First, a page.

The Consortium’s administrative center moved to the University of Louisville, Louisville, Kentucky, in 2000; in 2005, it moved to the Cleveland Clinic, Cleveland, Ohio, at which time Dr. Andrea Kurz was appointed as Associate Director, and Dr. Kurz is also the Professor and Chair of the Department of General Anesthesiology at the Cleveland Clinic, Cleveland, Ohio. The aspiration of the consortium, as explained on its website, is “… to understand the end results of particular health care practices and interventions.” It does this by ongoing collaboration among about 130 investigators distributed over more than 20 countries. All members of the group agree to collaborate with at least one other member of the group from another institution. There are no membership dues, and the members are free to conduct independent research, but publications are attributed to the Consortium only when the affiliation includes “Outcomes Research.” Financial support for the research projects is derived from governmental, foundation, and corporate grants to the investigators and their institutions, not the consortium, and is administered locally.
Another far reaching decision was to expand to major issues in perioperative medicine, health policy, and problems extending beyond the immediate postoperative period that were conventionally considered surgical such as wound infection. The concept of anesthesiologists being perioperative physicians with interests that extend beyond operative anesthesia has now blossomed into the concept of the perioperative surgical home.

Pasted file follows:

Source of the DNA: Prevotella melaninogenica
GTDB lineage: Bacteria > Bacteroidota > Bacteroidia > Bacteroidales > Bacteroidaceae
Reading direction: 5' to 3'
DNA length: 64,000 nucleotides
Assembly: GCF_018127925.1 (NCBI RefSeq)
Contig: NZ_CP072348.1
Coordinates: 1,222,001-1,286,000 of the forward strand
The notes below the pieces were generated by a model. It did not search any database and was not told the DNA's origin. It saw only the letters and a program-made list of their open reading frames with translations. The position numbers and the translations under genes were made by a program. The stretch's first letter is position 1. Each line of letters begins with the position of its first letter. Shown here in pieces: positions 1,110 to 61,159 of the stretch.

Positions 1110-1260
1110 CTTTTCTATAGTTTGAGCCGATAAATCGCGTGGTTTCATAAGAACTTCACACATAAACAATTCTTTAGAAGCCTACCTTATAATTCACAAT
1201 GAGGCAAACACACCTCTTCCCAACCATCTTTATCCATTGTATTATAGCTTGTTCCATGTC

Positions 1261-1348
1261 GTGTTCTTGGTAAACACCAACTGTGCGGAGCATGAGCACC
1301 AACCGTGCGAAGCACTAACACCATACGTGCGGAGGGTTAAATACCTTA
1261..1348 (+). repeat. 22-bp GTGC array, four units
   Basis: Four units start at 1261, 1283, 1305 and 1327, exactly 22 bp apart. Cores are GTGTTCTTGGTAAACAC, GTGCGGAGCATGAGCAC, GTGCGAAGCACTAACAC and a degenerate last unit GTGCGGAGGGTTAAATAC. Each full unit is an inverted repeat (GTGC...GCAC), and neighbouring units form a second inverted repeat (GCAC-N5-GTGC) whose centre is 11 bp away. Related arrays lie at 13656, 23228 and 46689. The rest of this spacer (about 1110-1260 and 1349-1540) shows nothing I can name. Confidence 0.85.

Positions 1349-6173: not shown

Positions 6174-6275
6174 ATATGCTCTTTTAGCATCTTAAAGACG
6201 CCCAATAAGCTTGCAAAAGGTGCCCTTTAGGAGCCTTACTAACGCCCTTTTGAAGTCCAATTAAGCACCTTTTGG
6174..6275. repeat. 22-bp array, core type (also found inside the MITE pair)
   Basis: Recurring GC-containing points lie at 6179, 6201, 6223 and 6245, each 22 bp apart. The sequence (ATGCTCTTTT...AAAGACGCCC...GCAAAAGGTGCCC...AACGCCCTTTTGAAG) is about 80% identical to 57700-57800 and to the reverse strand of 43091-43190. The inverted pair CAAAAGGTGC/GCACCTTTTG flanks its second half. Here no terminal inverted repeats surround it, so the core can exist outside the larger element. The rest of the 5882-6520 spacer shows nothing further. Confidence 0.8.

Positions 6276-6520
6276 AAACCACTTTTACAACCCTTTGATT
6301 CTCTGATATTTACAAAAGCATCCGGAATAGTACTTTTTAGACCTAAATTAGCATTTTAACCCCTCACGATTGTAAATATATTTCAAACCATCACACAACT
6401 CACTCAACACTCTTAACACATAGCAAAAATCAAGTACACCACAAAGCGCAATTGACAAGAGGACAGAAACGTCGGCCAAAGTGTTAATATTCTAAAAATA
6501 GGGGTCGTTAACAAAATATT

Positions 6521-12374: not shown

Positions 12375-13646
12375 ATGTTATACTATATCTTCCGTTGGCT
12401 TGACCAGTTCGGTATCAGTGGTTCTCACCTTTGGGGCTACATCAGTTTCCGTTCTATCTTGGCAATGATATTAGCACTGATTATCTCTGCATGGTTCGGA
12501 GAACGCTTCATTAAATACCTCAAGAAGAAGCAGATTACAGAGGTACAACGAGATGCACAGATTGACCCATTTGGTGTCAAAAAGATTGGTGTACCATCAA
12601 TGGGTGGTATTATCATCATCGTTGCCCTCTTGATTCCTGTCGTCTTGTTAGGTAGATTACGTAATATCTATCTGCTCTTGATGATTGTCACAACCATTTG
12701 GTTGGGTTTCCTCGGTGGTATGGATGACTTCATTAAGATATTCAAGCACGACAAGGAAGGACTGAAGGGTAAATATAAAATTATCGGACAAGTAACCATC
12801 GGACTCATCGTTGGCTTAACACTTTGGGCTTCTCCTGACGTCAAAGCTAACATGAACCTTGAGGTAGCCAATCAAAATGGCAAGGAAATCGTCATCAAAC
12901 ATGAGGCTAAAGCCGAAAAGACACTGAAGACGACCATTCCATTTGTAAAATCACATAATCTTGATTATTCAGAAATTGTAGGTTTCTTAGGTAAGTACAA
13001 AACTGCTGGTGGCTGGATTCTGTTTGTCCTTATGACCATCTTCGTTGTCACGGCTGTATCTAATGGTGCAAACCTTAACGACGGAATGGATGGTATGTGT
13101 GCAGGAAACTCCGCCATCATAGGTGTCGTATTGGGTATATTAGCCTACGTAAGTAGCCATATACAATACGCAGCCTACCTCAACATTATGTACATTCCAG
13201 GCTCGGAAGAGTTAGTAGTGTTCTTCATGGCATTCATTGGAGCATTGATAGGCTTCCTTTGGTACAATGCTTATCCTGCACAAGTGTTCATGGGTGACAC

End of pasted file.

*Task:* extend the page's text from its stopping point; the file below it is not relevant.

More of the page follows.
Studies emanating from Consortium members cover a wide array of topics from airway management and perioperative pain management, to the role of anesthetic agents in recurrence of cancer or spread of metastases, education of anesthesia providers, health policy, and many others. In addition, members of the Consortium train approximately 30 research fellows each year and a large number of graduate and medical students.
The members of the group were among the first anesthesia investigators to conduct large-scale outcome trials. That is, randomized trials with meaningful “hard” primary outcomes such as 30-day mortality, myocardial infarction or injury, and wound infection. They were also among the first anesthesia investigators to conduct large-scale registry research. The group has conducted hundreds of cohort, case-control, and health policy analyses. For example, they have developed several accurate risk stratification models, which permit accurate comparisons across divergent patient groups (i.e., risk-adjusted comparisons amongst hospitals).2